Economic factors leading to gentrification are linked to political forces, because deliberate neglect of inner city by government allows investors to take over the redevelopment of the inner city as most time they control economic resources with the ability to influence the politics of the city. Politicians are reluctant to wrest power from such investors as they finance most of the electioneering processes. Reluctance of taking control of activities of perceived potential investors within the cityscape often affect the inner-city residents who mostly are the urban poor and unrepresented voiceless majority in society.16

    Social factors in the form of cultural diversity also fuels gentrification as it encourages migration of high-income earners to inner city neighbourhoods. There is fusion of culture, lifestyle and social alliance and networking that suburb neighbourhoods suffer from as families are isolated from one another.

  3. Effects of gentrification
  4. According to17,18 the effects of gentrification in neighbourhoods are both positive and negative. These effects include:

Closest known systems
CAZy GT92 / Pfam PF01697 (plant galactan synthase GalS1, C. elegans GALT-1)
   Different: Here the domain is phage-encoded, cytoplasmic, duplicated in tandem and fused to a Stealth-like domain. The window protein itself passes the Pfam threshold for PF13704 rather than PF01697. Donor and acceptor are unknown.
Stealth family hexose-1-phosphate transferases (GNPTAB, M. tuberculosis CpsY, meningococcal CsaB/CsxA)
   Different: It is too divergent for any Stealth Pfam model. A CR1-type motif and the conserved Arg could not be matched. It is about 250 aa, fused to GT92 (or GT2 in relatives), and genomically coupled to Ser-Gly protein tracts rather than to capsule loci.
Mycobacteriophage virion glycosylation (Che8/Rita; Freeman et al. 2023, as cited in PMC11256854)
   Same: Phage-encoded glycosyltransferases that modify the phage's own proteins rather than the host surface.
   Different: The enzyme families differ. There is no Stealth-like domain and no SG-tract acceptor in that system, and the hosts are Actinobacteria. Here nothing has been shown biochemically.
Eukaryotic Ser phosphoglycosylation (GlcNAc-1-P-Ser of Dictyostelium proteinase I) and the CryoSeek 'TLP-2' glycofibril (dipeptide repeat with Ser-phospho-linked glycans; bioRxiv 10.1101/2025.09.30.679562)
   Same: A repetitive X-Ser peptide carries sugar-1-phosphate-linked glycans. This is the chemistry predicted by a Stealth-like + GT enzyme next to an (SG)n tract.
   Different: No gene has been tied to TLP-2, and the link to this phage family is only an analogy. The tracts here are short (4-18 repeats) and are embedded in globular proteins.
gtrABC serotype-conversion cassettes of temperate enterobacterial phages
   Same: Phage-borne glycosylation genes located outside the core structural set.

1. Influx of high-income, higher-educated individuals and businesses;
    2. Displacement of low-income and working-class groups;
    3. Restructuring of physical, social and economic structures of the neighbourhood;
    4. Spike in rental and property values;
    5. High tax for goods and services;

    Marginalisation, social exclusion discrimination between social groups especially (high and low-income groups and among ethnic groups); and Uneven development and promotion of capitalism within socioeconomic context.

    All these factors affect gentrified neighbourhoods and portray physical, social and economic distortions of the cityscape. However, these conditions do not portray gentrification in all its ramifications as negative influence; rather it is aimed at revitalising neighbourhoods to meet current trends in urbanism and cultural distribution in cities. On the overall, gentrification is expected to be a sequentially planned out and managed process aimed at ameliorating the effects on various classes of people within the city to reduce the shock experienced by the voiceless in the society